Tax Deductions: What You Need to Know for the 2021 Tax Year

You just can’t avoid it—we all have to do our taxes for the 2021 tax year. But if you play your cards right, you can substantially reduce your taxable income. Tax exemptions, tax deductions and tax credits change your adjusted gross income (AGI), lowering your tax bill in the process.

In 2017, the Tax Cuts and Jobs Act (TCJA) changed or eliminated many of the exemptions, deductions and tax credits traditionally available to American taxpayers. Feeling daunted? We’ve got you covered. To get you ready to file your 2021 taxes, we’re here to break down those tax exemptions and deductions.  This is general information, you should always consult a tax professional about your individual situation.

In This Piece:

Tax Breaks in Brief

Tax deductions, tax credits, tax exemptions—tax break terminology can be confusing. Let’s demystify the lingo with a brief explanation of each type.

Tax Deductions

In a nutshell, tax deductions reduce your AGI. You subtract deductions from your gross income, and sometimes you’ll end up in a lower tax bracket as a result. Popular tax deductions include the student loan interest deduction, the medical expenses deduction, the IRA contributions deduction and the self-employment expenses deduction.

Tax Credits

Tax credits reduce the amount of tax you owe. Simply put, they act like money-off vouchers for your final bill. Common tax credits include the child tax credit, the lifetime learning credit, the earned income tax credit and the residential energy credit.

What Is the Personal Tax Exemption for 2021?

Before tax year 2018, everyone got a $4,050 personal tax exemption. Taxpayers then got a $4,050 exemption for each dependent in their household. When the TCJA passed in 2017, it eliminated this exemption, almost doubled the standard tax deduction and increased child and dependent credits. So, no more personal or dependent tax exemptions until at least 2025, when the TCJA expires.

Tax Deductions

When you file your taxes, you can use the standard deduction or itemized deductions to offset your taxable income. In 2020, the standard deductions were:

  • $12,400 for single filers
  • $24,800 for joint filers
  • $18,650 for head of household

However, for 2021, the deduction amounts were adjusted for inflation to:

  • $12,550 for single filers
  • $25,100 for joint filers
  • $18,800 for head of household

What Can I Deduct on My Taxes?

If you take the standard deduction, you can’t itemize your deductions. Many people go for the standard deduction because it amounts to more than the total value of their itemized deductions. Hefty medical bills, disaster losses and large charitable contributions can make itemization worthwhile, however.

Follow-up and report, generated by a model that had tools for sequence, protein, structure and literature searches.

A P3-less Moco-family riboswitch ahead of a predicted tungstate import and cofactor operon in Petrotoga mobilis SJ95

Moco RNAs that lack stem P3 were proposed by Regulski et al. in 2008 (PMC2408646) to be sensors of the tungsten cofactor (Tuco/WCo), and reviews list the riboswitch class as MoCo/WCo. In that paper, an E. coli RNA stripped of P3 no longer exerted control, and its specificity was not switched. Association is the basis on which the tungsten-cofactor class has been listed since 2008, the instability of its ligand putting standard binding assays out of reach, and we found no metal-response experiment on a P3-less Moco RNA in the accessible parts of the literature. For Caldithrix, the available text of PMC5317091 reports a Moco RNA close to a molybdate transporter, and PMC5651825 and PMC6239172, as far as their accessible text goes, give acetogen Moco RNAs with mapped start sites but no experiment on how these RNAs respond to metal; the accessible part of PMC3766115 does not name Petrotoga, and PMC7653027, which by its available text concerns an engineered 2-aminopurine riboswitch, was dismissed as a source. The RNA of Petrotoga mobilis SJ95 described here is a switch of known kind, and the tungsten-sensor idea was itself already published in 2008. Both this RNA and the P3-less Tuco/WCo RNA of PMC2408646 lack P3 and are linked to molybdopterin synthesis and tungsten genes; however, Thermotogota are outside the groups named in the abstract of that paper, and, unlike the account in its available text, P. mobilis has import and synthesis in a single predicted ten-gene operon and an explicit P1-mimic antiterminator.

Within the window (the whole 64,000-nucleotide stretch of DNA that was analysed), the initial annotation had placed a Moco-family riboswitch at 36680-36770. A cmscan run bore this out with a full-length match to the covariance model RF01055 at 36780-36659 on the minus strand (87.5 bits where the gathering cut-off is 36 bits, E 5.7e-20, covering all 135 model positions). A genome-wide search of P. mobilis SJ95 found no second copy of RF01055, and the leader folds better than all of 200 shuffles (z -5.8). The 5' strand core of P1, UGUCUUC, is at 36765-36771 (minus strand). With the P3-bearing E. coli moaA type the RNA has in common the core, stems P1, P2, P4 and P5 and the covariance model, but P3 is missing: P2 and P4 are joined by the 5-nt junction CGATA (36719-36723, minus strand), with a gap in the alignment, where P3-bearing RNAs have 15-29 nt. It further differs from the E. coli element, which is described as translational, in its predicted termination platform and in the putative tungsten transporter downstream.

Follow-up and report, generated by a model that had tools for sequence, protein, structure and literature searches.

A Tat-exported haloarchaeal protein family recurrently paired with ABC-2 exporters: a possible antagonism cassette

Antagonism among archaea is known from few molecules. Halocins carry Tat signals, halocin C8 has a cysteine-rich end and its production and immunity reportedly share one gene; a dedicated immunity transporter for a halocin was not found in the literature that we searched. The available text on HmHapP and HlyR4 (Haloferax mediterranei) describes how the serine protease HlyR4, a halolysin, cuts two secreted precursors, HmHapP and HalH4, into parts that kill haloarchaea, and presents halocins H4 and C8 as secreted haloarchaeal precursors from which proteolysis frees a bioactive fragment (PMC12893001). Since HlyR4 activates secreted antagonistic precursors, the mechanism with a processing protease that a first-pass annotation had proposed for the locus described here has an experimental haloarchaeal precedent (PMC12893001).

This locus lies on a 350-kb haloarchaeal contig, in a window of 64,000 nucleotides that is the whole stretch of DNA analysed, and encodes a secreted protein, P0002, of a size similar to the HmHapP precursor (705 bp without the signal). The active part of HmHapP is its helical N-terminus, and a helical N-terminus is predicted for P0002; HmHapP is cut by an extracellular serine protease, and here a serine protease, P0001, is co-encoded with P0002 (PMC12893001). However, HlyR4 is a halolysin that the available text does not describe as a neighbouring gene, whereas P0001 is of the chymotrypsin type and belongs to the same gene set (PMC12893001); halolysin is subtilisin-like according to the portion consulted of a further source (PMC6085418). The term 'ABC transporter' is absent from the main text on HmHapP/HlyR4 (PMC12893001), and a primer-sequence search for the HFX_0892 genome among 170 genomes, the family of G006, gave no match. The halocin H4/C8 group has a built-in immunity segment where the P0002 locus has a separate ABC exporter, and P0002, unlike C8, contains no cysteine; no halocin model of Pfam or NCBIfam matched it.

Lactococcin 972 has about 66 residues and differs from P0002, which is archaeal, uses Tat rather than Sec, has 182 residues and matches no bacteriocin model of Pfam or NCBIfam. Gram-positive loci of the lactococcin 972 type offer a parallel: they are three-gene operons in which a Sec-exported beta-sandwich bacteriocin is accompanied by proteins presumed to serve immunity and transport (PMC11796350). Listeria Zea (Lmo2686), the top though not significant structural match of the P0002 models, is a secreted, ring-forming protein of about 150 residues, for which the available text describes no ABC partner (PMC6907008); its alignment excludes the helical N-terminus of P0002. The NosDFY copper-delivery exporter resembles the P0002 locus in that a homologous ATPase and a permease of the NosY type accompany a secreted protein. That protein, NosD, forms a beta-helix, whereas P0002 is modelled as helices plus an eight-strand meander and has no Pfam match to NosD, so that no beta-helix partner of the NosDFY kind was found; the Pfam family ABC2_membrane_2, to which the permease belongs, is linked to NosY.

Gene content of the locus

Common Tax Deductions

We’ve briefly covered medical bills, disaster losses and charitable contributions, but let’s go into more detail. Here are a few more common tax deductions.

  • Nonrefundable credits: Only provide a refund up to the amount you owe in taxes.
  • Refundable credits: Provide a refund no matter how little you owe.

Tax Credits

Tax credits reduce the amount of tax you have to pay. There are lots of different individual tax credits. Let’s talk about a few of the most popular credits in more detail.

  1. Family and dependent credits: If you have children or take care of aging relatives, disabled adults or other dependent people, you may qualify for specific dependent credits. Examples include child and dependent care credit and adoption credit. For 2021, the child tax credit was expanded from $2,000 to $3,000. However, how much you get on your return depends on if you took the credit in advance with monthly payments for the second half of 2021.
  2. Homeowner credits: Tax credits for homeowners change often. Credits for 2021 include residential energy credits and one for owning a plug-in electric vehicle.
  3. Health care credits: The Affordable Care Act is a health care credit. If you paid out of pocket for health insurance, you can offset your premiums via the Health Coverage Tax Credit
  4. Education credits: Tax breaks like the lifetime learning credit (LLC) help offset education-related expenses.
  5. Income and savings credits: If your income is lower, you might qualify for the earned income tax credit. Financial credits include the Saver’s Credit and the foreign-earned income exclusion (FEIE).  

Is Your Business Tax-Exempt?

Have you ever considered the tax status of your business? Some organizations are tax-exempt, so they don’t pay any taxes whatsoever at the federal level. It might sound good, but there’s a catch. To achieve tax-exempt status, you can’t be a for-profit business, and you can’t receive a profit-based payout from your business. 

Tax-exempt business types include:

  • Charitable organizations
  • Political organizations
  • Veterans organizations
  • Social welfare organizations
  • Agricultural or horticultural organizations
  • Labor organizations
  • Social clubs

Tax-exempt businesses are often—but not always—also exempt from state and local taxes once they receive federal tax-exempt status. This rule varies from state to state, however.

Make Tax Season Simpler

Do you find tax season nerve-wracking? You’re not alone. Every year, millions of Americans wait until the last minute to file their taxes. Some of them owe taxes, while others feel intimidated by the filing process. 

The Tax Exemption Wrap

Tax breaks traditionally fall into three categories: tax exemptions, tax deductions and tax credits. In 2017, the TCJA put tax exemptions on the back burner until at least 2025, leaving deductions and credits alone on the table for tax year 2021. You can itemize your deductions, or you can choose the standard deduction when you complete your taxes.

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